Friday: Have completely ignored all spring cleaning duties. Yesterday had some shelves put in the study, and am determined to finish painting them this weekend. Not helped by a student-free day at school today, Posy and her Gang of Three who can cause more mess and havoc than any children I have ever met, with a sleepover thrown in. Aargh! A pox on the Department of Education!

Saturday, October 18, 2014

Juggling With Fire

It is quite early on a Saturday morning. I haven't had much sleep. During the night I dreamed that I found a lump in my breast. When I woke up at an ungodly hour, of course I found a lump in my breast. I sent a text to The Man, who is currently in China, so he could prepare himself for single parenthood. Because clearly I was about to die. After some hours of mentally rehearsing touching deathbed scenes, I realised that what I had was more of a ridge than a lump. And actually, there was a similar one on the other side. Aargh! Two lumps. Then it occurred to me that maybe what I was feeling was possibly a muscle. I have, after all, been lifting (quite small) weights in the gym for months. I sent a further text to The Man: Possible alternative diagnosis - an actual muscle. Middle aged woman goes to doctor to be told she has a muscle. Surprise all round.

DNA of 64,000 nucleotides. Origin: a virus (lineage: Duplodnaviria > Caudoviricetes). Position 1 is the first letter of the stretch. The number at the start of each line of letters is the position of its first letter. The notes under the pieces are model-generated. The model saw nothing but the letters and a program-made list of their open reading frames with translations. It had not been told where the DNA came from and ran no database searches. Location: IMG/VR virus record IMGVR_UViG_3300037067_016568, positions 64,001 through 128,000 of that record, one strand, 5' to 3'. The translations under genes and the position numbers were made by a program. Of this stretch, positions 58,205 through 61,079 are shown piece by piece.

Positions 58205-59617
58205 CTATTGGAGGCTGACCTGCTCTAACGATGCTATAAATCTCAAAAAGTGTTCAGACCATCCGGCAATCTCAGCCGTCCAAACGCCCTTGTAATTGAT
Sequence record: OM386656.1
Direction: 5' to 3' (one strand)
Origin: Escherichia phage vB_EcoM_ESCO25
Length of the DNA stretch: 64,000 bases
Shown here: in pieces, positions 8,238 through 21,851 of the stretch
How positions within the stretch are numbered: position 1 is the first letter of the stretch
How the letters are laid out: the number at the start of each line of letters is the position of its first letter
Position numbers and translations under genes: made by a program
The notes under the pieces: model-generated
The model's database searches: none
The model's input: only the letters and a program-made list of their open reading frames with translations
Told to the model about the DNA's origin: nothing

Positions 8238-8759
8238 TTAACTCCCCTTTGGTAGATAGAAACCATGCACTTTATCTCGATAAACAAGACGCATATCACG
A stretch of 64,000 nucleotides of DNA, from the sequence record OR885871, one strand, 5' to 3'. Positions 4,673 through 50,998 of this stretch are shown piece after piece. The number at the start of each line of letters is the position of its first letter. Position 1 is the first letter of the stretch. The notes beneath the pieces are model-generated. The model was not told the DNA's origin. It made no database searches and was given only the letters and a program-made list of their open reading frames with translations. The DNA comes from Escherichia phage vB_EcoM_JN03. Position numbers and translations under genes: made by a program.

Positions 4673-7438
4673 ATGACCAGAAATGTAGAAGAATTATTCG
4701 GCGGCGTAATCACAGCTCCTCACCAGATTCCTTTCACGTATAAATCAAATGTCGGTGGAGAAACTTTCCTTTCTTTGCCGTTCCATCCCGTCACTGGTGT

Of course I will go to the doctor. Of course she will tell me I am fine, but sensible to have checked. Of course..